VEGF-A acts either as a homodimer or as a heterodimer with other members of the VEGF family. VEGF-A has two separate receptor-binding domains specific to VEGF-R1 or VEGF-R2. Due to the arrangement of these binding sites, the VEGF dimer can bind two receptors, either as homo- or heterodimers . PlGF has been shown to down-regulate the angiogenic effect of VEGF-A , and this may be due to stimulated VEGF-R1 attenuating the effect of stimulation of VEGF-R2. We have not studied the effects of heterodimerisation; we perfused capillaries with only one receptor-specific reagent at a time. However, our results with VEGF-C showed a chronic increase in Lp after 20 min, which is not seen with VEGF-A. There is also a more marked increase in Lp after 24 h with VEGF-C compared to previous results with VEGF-A . This suggests that perfusion of microvessels with VEGF-A may result in the stimulation of both receptors, and VEGF-R1 may attenuate the effect of VEGF-R2, resulting in a lesser effect on permeability than stimulation of VEGF-R2 alone.
It has previously been shown that perfusion of microvessels with VEGF-A increased the diameters of vessels after 24 h . In this study, this effect was also seen in vessels perfused with VEGF-C, but not in vessels perfused with PlGF-1. An increase in diameter has been shown to be dependent on mitogen-activated protein kinase (MAPK) activation , and both PlGF-1 and VEGF-C have been shown to activate MAPK [26, 30]. One hypothesis is that there was no VEGF-R1 expression on the mesenteric capillaries (unlikely since there was VEGF-R1 expression in the mesentery, which consists of connective tissue, mesothelial cells and blood vessels). Alternatively, it may be that the rest of the signalling pathway necessary to stimulate the increase in diameter is not stimulated by VEGF-R1.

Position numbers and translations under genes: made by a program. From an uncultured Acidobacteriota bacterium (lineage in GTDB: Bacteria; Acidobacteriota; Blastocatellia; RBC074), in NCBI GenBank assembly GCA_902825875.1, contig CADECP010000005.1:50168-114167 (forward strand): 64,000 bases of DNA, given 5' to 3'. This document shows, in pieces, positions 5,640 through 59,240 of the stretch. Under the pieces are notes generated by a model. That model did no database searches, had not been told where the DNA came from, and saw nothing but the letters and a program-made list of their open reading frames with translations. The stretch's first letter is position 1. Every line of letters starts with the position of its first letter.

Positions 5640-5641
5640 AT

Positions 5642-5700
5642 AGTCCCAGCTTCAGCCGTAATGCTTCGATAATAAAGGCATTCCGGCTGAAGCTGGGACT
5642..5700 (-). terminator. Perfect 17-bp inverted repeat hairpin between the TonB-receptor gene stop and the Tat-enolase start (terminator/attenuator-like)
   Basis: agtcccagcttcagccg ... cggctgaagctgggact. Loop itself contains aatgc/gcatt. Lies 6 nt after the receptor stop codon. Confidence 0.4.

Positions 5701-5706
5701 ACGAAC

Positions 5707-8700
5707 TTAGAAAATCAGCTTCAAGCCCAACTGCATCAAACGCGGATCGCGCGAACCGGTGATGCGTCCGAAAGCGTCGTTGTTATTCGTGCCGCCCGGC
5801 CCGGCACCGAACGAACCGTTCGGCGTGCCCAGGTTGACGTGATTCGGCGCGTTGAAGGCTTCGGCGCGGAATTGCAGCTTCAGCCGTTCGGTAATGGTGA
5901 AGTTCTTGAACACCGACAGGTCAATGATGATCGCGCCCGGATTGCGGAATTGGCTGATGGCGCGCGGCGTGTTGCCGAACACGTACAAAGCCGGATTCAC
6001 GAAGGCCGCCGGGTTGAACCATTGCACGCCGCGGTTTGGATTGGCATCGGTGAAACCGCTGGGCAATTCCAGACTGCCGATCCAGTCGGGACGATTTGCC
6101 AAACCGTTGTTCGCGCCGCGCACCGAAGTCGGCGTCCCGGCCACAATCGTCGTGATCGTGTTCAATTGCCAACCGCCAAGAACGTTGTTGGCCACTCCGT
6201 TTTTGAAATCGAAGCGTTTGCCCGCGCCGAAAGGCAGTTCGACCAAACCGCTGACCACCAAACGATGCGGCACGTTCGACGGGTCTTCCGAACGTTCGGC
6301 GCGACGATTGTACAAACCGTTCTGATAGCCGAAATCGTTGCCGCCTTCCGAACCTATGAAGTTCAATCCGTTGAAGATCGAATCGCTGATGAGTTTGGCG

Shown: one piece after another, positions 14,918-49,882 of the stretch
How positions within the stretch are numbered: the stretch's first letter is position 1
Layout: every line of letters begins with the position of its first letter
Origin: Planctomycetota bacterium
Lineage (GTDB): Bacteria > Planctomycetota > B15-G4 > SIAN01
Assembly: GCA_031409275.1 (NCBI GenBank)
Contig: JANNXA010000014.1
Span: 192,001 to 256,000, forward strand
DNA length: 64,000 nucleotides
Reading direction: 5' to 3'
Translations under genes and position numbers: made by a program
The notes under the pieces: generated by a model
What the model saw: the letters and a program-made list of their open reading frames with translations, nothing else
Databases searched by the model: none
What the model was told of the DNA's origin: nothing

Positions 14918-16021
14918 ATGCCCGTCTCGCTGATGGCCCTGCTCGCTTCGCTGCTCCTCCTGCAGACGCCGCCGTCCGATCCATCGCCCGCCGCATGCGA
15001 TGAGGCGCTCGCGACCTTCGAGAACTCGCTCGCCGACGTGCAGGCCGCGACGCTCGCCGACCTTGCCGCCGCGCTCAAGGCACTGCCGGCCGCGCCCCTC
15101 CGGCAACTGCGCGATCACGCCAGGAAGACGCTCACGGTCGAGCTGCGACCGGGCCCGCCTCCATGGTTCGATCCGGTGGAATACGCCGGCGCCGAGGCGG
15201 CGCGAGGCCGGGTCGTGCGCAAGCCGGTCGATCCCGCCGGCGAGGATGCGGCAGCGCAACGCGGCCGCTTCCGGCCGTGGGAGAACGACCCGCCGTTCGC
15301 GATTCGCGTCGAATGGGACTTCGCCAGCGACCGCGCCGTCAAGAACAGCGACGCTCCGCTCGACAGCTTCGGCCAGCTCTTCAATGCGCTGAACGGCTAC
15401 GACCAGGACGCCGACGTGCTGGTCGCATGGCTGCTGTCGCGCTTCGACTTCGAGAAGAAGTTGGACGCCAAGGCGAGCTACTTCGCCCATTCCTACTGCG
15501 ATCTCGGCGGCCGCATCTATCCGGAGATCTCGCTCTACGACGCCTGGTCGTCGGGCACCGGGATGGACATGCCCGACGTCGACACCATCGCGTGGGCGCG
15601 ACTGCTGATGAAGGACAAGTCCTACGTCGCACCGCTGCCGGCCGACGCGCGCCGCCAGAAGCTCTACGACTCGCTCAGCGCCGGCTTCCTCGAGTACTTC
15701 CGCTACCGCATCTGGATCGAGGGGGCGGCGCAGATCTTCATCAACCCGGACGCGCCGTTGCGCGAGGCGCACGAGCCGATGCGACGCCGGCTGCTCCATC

In summary, our data show that VEGF-C, but not PlGF-1, increases the Lp of perfused mesenteric capillaries after 20 min and 24 h. Although VEGF-C clearly and consistently results in an acute increase in Lp lasting a few minutes, the acute effects of PlGF-1 were inconclusive. These data are consistent with the hypothesis that the previously described acute and chronic increases in Lp in frog mesenteric microvessels are stimulated by VEGF activation of VEGF-R2. In addition, the increase in diameter brought about by VEGF is also seen when VEGF-C is used to stimulate vessels, but not when PlGF-1 is used, and therefore these data are consistent with the hypothesis that the diameter increase is also brought about by VEGF-R2 activation.
This study was supported by the Wellcome Trust (No. 050742 to N.J.H.), the British Heart Foundation (PG97198 to T.M.P., FS98023 to D.O.B.) and the National Kidney Research Foundation (R35/1/98 to C.E.W.).
Dr. David Bates
Department of Physiology, The University of Bristol, The Vet School
Southwell Street, Bristol BS2 8EJ (UK)
Tel. +44 117 928 7823, Fax +44 117 925 4794
Received: Received: April 14, 2000
Accepted after revision: November 9, 2000
Number of Print Pages : 11
Number of Figures : 8, Number of Tables : 0, Number of References : 32
Journal of Vascular Research
Founded 1964 as Angiologica by M. Comèl and L. Laszt (1964–1973) continued as Blood Vessels by J.A. Bevan (1974–1991)
Vol. 38, No. 2, Year 2001 (Cover Date: March-April 2001)
Journal Editor: M.J. Mulvany, Aarhus
ISSN: 1018–1172 (print), 1423–0135 (Online)
For additional information: http://www.karger.com/journals/jvr